Amel owners, as a group, are highly suspicious of changes to design decisions made by the builder. This is a good thing, as a rule, because almost all of the decisions made by Amel in the design and construction of their boats are excellent ones. There are areas where technology marches ahead and it is appropriate to revisit the original ideas.
In our case, it was time to revisit things in our electrical system. As we have previously reported, a lack of required spare parts pushed us into deciding to retire our old Onan. We took a step back and evaluated how we used this unit, and if there were better alternatives for us and the way we used our boat.
What we had…
Our Amel is not especially complex for a cruising boat of her size these days. We have 220VAC power outlets in each cabin, two air conditioners, clothes washer, space heaters, and a water heater. Unusually, Amel installed a parallel 120V AC system that we feed only from a 2kW inverter. Other than a few specialized items, this is mostly used for the microwave in the galley.
When away from the dock, we have been running our 6.5kW Onan for about 2 hours every other day to charge batteries, and make water for our routine use. (We have a 40 litre/hour watermaker that draws about 25 amps at 24V). Once a week or so, we’d add another hour to the cycle to run the laundry and make the extra water needed for that.
The Onan fed 220V AC to two battery chargers, one 70Amp unit in our Victron inverter/charger and a 100 Amp unit from Quick. The highest output I ever saw from these units combined was about 120 Amps in total, or about 3200 Watts, about half the capacity of the Onan. In five years of cruising on Harmonie we have run an air conditioner away from shore power exactly once. So we have never really used any more than half the output of the generator.
Our 3kW Victron inverter charger easily drives all of our routine AC needs, including startup loads for the air conditioners. We didn’t need a 6.5kW generator to keep us in the life style to which we have become accustomed.
What We Wanted
Once we realized we were looking at a unit significantly smaller than the original installation, many options were open. Our criteria looked like this:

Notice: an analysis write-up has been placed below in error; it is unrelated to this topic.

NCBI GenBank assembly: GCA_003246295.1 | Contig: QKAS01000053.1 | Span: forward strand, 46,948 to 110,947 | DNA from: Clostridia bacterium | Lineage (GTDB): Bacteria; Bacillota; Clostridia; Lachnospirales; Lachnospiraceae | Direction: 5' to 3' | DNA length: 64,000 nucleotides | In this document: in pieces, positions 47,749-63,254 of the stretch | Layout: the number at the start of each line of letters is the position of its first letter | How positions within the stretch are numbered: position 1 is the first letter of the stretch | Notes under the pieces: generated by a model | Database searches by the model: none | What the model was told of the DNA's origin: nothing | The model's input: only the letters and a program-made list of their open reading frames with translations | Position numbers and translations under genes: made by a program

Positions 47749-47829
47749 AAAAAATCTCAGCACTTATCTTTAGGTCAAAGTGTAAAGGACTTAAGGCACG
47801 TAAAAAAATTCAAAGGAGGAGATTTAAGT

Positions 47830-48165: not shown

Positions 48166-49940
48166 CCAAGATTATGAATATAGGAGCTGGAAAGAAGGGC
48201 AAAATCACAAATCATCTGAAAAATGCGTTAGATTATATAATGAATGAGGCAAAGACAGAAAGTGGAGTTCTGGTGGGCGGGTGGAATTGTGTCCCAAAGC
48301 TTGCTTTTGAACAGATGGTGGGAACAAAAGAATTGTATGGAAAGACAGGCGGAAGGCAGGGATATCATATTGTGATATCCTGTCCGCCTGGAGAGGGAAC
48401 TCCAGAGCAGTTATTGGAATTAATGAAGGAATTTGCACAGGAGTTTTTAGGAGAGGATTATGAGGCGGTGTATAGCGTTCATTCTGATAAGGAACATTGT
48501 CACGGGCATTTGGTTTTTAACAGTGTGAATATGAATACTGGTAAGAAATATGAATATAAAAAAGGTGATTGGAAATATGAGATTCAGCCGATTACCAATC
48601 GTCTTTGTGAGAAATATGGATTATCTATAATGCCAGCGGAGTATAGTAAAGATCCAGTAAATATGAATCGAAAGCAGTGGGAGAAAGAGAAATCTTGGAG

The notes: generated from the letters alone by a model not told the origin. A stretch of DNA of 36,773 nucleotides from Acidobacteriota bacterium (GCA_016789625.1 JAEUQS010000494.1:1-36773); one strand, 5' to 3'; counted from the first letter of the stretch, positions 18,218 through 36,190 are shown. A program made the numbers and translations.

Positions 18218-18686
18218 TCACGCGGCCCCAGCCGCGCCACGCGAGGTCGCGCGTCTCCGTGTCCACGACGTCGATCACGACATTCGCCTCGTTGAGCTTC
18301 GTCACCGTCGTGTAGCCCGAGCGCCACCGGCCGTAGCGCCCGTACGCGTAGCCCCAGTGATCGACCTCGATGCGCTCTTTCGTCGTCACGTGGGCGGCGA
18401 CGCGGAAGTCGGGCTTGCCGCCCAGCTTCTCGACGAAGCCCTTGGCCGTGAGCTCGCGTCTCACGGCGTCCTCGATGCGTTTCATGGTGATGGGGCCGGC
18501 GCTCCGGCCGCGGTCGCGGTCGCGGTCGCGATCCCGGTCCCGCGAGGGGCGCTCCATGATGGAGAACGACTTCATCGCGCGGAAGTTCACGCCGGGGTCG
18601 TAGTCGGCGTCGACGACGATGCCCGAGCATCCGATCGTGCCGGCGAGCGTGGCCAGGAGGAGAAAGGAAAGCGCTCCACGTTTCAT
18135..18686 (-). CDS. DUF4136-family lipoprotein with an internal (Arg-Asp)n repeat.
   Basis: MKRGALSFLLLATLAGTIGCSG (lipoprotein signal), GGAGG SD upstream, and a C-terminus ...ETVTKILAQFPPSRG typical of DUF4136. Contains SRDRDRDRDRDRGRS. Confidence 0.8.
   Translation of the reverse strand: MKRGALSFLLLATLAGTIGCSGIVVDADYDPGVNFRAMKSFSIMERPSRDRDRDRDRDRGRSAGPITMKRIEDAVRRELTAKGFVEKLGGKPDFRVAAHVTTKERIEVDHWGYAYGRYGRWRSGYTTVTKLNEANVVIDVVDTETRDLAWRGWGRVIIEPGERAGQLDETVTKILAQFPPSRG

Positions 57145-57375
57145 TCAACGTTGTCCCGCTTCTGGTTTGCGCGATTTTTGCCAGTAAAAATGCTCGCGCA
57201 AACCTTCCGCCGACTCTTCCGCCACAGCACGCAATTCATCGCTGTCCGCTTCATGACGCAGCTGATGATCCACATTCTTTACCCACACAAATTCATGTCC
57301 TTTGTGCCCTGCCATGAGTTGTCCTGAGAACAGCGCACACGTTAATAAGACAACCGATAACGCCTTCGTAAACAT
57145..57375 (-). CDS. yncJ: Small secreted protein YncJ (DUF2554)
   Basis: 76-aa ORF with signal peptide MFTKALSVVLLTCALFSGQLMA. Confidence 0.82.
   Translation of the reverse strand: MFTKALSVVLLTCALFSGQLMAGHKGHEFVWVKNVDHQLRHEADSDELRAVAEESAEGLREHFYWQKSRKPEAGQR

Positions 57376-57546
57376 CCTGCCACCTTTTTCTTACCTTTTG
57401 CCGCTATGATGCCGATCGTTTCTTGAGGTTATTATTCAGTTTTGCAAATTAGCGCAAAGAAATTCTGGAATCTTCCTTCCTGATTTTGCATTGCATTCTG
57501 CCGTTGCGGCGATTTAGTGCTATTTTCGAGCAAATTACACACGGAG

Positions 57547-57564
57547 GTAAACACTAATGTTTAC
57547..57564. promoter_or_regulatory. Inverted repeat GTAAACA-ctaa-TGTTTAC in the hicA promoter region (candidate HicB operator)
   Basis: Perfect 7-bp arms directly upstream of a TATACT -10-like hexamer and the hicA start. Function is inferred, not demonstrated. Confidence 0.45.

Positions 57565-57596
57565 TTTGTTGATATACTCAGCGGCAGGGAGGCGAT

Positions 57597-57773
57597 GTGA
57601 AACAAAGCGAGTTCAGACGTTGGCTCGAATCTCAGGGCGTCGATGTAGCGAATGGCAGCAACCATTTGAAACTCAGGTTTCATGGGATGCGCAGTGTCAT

- Minimize fuel use to extend our operating time away from supplies.
- Reduce weight
- At least 95 amps of 24 Volt charging capacity. (Minimum recommended charge rate from out battery manufacturer)
- Minimum capacity of 3kW
- At least as quiet as the old unit.
- Minimal modifications to existing infrastructure.
- Good integration with our existing Victron monitoring equipment.
What We Got
We settled on a generator quite a bit different than the original. We decided on a WhisperPower M-GV 2 variable speed DC generator. Here is a bit of the thinking involved:
- Since we were using our generator almost exclusively as a battery charger, doesn’t it make sense to have a generator actually DESIGNED primarily to charge large battery banks?
- The capacity of the unit was well matched to what we were looking for, 150Amps at 24 Volts, or about 3.5 kW.
- The weight of 140 kgs was very attractive, as was the specified fuel usage. A reduction of about 100 kgs, this has put our boat on an even keel for the first time.
- The drive engine for this unit is a 2 cylinder Kubota Z482 engine, a well known and very common system of proven reliability.
- WhisperPower is a Dutch company spun off from Mastervolt a number of years ago when Mastervolt decided to get out of the generator business. They are not well known in the US, but are a significant presence in the European yacht and alternative energy market, especially as a high-end OEM supplier.
- Connecting to our Victron system with a simple relay connection, our main electrical monitoring panel can start and stop the generator either manually, or automatically based on the state of the batteries.
- The permanent magnet alternator technology is far simpler than the field coil system used in synchronous generators. No routine maintenance is required on any moving parts other than the Kubota engine.
- Being fully water cooled means a full sound shield can be installed and the engine room is cooler, and quieter than before.
- We are able to use the waste heat from the engine to heat our domestic hot water, giving us hot water while away from the dock for “free.” This used to be done from our main drive engine, but that was of limited utility since we didn’t really need much hot water underway, and never ran the drive engine at anchor.
How We Will Use It
Based on our testing so far, if we start charging when the batteries are about 30% discharged (70% SOC) and run them up with the generator to 7% discharged (93% SOC) that will take almost exactly 90 minutes of run time to put 107 Amp-hrs (3 kW-hrs) of recoverable energy into the batteries. This would have the generator start off at full output for about 30 minutes, and then taper down to about 25% output over then next hour. This will keep the engine running at its most efficient for most of the cycle, with a chance to cool down a bit at the end before shutting down.
Based on our historical usage, this will happen every other day or so. On a good sunny day, the batteries will then be fully topped off with the solar panels by the end of the day.
How much of this we will automate, we have yet to determine. The Victron monitoring system lets us to automatically start and stop the generator based on state of charge of the batteries, DC power usage, AC power usage, Battery voltage, inverter temperature, inverter overload, … Pretty much anything except phase of the moon! Automation has its advantages, and potential problems. We’ll see how those play out in the real world.
If you want more of the gory technical details, see this link on our project pages…